Sunday, February 3, 2013

Social Media Leads the Way in Oman

In 2011 the Arab Spring brought protests to Oman. The protesters called for lower living costs and salary increases, according to a BBC article. Sultan Qaboos responded to the protesters by creating tens of thousands of new government jobs, raising the minimum wage, introducing cost of living allowances for public sector workers and expelling unpopular ministers. The swift response appears to have ended the protests because with their demands met, the protesters no longer had anything to protest.

However, according to the article, many Omanis believe that the populist reforms will only satisfy the people for five to ten years. This is due in larger part to the proliferation of social media.
Map of Oman

The government seems to agree because during the summer of 2012 panic over social media caused the government to prosecute and jail dozen of online activists. Clearly the government is worried about the impossibility of controlling social media.

Although, fear of government retribution is not stopping online activism. At night coffee shops become the hubs for bloggers and tweeters writing about the countries shortcomings; even though, these activists are well aware that their work is being read by the government. 

Matthew Teller, the writer of the BBC article, notes that in no time Omanis will start using social media to hold the government accountable.  

This article is important for a number of reasons. Teller argues that structural reforms are coming to the country. This is a critical observation because it suggests that the Arab Spring will be able to permeate into at least one of the Gulf States enacting substantial change. Whether or not it will trigger a domino effect in the other Gulf States remains to be seen. 

Another important aspect implied in the article is the type of conflict that is likely to arise. With the prevalence of social media, Teller suggests that change will be achieved through nonviolent civil resistance.

This according to the Erica Chenoweth and Maria J. Stephan, authors of "Why Civil Resistance Works," is fantastic because "nonviolent resistance has been strategically superior." Nonviolent campaigns are beneficial for a number of reasons. They lead to a higher number of participation, are more likely to establish a democracy and are less likely to relapse into civil war. 

In the near future Oman is likely to experience its own Arab Spring. However, unlike Egypt or Libya the use of nonviolent resistance will give Oman a better chance of achieving true democratic change. While change in Egypt appeared promising the use of violence is leading to more violence. This example demonstrates the argument made by Chenoweth and Stephan that nonviolence is more successful.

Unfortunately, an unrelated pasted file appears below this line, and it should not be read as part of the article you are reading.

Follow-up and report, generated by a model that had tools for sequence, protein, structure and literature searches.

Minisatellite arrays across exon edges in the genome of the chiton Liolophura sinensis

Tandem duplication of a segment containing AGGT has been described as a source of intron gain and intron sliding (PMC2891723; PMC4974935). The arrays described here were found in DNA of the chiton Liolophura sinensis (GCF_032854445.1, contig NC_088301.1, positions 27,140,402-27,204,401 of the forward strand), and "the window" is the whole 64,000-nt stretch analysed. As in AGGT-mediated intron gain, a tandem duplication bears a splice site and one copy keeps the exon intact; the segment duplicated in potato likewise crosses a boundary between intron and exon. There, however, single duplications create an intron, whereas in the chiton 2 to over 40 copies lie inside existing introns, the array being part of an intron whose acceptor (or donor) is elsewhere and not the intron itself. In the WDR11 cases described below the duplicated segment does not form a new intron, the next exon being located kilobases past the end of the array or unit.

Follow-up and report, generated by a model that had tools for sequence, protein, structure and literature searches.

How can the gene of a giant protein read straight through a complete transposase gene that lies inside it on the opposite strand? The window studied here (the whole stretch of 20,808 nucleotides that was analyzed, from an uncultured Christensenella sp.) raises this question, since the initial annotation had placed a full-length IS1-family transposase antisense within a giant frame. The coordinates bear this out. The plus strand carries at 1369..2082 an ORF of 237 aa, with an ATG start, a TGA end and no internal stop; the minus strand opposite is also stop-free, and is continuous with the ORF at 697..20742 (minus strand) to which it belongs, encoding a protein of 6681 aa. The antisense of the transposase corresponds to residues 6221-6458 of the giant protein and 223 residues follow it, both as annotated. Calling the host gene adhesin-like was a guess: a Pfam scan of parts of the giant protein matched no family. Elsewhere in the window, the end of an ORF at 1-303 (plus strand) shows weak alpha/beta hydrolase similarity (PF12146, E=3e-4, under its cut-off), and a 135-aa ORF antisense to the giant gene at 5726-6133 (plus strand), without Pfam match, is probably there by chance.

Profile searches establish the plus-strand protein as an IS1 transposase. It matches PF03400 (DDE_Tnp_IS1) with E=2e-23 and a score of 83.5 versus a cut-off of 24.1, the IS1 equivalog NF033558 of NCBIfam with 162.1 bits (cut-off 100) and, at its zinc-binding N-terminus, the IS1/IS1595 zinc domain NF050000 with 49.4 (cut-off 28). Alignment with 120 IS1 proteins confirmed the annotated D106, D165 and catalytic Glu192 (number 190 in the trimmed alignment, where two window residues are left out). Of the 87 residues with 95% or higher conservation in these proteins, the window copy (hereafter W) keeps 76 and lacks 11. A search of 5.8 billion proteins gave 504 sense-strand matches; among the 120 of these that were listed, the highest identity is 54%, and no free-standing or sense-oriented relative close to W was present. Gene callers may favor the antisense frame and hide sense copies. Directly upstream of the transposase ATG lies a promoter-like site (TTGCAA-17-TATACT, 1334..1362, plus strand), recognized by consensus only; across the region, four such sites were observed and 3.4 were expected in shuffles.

Young Omanis using social media
People, especially policymakers, should pay close attention to Oman. When protests do reignite, through the use of social media, policymakers should be prepared to help maintain access to the Internet. Sultan Qaboos, like the president of Syria did, will likely try to block access to social media sites. If this happens the likelihood of maintaining a nonviolent campaign will be difficult especially if the Omanis have no outside help.

Nonviolent conflict should be the vehicle used for regime change. Oman is preparing, through the use of social media, to do just that.   


  1. I think the prevalence of social media in today's societies and its impact is undeniable, however there is an important difference that must be underlined here. The social upheaval that some North African countries have witnessed two years ago now, is going to be hard to achieve in the Gulf region for it is different regime types that are in place in the latter. Strong monarchies such as Saudi Arabia, Oman, Bahrain, and such are not vulnerable the way leaders of fake democracies are. It has been proven quasi impossible to shake the authority of centuries old dynasties. One example would be the amplitude of the Arab Spring protests in Morocco (the only monarchy in North Africa), as opposed to its neighboring countries. The point concerning social media's growing central role in political protests is a solid one meanwhile, since even though there is censorship at home, more and more internet users are today exposed to the opinions and ideas of exiled and/or simply relocated nationalists and opposition members who can be influential. Indeed, it is very hard to control the content that an entire society reads online.

  2. I agree with Menjra, that social media has become a pervasive element around the world. What I find even more intriguing is that social media and its increasing accessibility within MENA, and throughout the world, may provide easier pathways in which protesters are able to voice their concerns and unhappiness. More importantly, these new accessible pathways provide a greater chance for citizens to protest in a nonviolent way rather than trying to get what they want through violent tactics. Not only is this promising because it promotes nonviolent protesting and therefore less death, and possibly destruction, but also because (as aforementioned) nonviolent protests have been seen to have greater success. With this said, by using the internet and other sources of social media it enables the protesters to make not only a national claim, but are also able to network on their concerns globally! Therefore being able to gain greater support and give better awareness to other countries.